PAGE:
The Sunflower

On the Possibilities and Limits of Forgiveness

Publisher: Schocken
While imprisoned in a Nazi concentration camp, Simon Wiesenthal was taken one day from his work detail to the bedside of a dying member of the SS. Haunted by the crimes in which he had participated, the soldier wanted to confess to--and obtain absolution from--a Jew. Faced with the choice between compassion and justice, silence and truth, Wiesenthal said nothing.  But even years after the way had ended, he wondered: Had he done the right thing? What would you have done in his place?

In this important book, fifty-three distinguished men and women respond to Wiesenthal's questions. They are theologians, political leaders, writers, jurists, psychiatrists, human rights activists, Holocaust survivors, and victims of attempted genocides in Bosnia, Cambodia, China and Tibet. Their responses, as varied as their experiences of the world, remind us that Wiesenthal's questions are not limited to events of the past.  Often surprising and always thought provoking, The Sunflower will challenge you to define your beliefs about justice, compassion, and human responsibility.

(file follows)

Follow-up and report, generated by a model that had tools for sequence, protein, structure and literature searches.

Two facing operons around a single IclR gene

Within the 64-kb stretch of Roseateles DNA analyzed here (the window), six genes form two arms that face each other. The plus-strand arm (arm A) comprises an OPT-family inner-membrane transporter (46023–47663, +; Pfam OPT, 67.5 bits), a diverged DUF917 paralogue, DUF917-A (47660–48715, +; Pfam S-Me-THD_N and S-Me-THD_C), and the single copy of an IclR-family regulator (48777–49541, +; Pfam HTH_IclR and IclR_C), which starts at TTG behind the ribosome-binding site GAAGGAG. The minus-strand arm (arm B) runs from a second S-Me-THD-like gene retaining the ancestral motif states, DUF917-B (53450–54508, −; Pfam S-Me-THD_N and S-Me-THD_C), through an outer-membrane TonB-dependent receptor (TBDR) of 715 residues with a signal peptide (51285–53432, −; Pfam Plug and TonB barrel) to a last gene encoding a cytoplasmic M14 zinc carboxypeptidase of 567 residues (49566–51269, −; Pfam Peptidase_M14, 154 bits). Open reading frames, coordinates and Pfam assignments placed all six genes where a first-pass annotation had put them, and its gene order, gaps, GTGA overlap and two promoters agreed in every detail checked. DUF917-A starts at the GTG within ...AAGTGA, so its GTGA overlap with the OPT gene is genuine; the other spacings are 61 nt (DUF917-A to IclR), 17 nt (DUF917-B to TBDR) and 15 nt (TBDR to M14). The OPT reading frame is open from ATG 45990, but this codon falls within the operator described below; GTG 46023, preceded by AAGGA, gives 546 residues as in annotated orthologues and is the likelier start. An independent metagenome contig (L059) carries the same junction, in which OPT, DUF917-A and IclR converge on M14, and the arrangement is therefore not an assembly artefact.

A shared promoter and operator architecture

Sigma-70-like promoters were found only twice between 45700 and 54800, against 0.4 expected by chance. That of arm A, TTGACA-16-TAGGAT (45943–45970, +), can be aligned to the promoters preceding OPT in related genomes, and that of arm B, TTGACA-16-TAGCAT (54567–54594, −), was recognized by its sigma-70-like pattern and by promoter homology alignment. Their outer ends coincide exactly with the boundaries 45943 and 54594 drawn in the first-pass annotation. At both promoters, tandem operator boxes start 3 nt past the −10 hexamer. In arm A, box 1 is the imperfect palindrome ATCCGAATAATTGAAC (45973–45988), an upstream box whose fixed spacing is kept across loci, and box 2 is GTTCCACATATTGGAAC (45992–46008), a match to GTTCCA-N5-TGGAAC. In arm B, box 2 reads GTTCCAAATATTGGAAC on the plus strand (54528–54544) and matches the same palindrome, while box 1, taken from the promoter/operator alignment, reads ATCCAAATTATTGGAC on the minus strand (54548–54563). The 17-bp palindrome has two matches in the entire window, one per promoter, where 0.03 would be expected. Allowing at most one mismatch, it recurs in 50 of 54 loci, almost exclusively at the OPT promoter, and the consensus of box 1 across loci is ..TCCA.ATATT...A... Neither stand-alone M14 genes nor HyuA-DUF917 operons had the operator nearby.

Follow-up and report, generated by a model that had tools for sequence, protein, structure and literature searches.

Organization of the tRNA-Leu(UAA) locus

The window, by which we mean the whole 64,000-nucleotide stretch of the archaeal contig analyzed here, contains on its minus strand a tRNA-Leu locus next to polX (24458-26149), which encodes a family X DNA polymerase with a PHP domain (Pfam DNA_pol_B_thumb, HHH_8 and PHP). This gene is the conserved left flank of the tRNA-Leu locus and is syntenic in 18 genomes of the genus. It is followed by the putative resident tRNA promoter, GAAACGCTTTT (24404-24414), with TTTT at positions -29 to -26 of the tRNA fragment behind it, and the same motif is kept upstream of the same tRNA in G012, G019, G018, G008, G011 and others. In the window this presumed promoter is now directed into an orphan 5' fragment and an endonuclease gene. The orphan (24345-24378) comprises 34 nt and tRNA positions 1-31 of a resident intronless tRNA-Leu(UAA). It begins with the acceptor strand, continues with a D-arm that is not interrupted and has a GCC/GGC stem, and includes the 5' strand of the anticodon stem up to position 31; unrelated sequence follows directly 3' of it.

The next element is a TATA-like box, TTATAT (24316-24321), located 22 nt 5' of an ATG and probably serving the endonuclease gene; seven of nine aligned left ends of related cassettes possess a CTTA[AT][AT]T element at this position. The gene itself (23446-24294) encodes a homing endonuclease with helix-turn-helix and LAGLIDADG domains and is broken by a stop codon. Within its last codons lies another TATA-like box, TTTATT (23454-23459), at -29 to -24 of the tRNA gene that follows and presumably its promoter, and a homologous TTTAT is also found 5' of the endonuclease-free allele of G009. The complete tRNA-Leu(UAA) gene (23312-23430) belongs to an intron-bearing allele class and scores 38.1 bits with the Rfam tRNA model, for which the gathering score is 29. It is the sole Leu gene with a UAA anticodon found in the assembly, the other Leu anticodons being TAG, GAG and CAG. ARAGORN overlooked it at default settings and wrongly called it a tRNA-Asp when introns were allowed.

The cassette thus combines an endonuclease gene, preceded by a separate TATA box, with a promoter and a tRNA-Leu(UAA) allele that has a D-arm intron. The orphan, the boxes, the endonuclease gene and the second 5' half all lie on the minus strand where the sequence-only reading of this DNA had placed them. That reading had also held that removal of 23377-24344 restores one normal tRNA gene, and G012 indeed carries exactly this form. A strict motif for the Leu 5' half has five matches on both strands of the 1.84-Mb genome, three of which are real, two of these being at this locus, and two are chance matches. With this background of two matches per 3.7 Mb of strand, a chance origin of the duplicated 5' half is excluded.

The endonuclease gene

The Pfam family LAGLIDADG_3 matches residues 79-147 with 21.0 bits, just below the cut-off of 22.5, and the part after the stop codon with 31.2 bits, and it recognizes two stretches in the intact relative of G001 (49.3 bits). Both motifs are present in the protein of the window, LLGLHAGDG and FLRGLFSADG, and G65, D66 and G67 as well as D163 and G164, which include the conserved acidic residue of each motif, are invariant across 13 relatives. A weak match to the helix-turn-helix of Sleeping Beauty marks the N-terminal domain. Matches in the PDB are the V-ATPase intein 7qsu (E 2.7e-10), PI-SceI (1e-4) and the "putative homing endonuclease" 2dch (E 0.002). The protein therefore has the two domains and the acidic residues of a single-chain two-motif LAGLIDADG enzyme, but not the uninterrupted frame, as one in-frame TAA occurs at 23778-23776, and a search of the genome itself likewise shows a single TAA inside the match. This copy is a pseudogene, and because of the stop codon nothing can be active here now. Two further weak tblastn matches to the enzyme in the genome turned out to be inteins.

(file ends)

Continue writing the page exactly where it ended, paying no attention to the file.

READING GUIDE

Put yourself in the position of a prisoner in a concentration camp. A dying Nazi soldier asks for your forgiveness. What would you do? In The Sunflower, Simon Wiesenthal raises that question for readers to wrestle with, and they have been passionately doing so ever since.

As a young man imprisoned in a Nazi...
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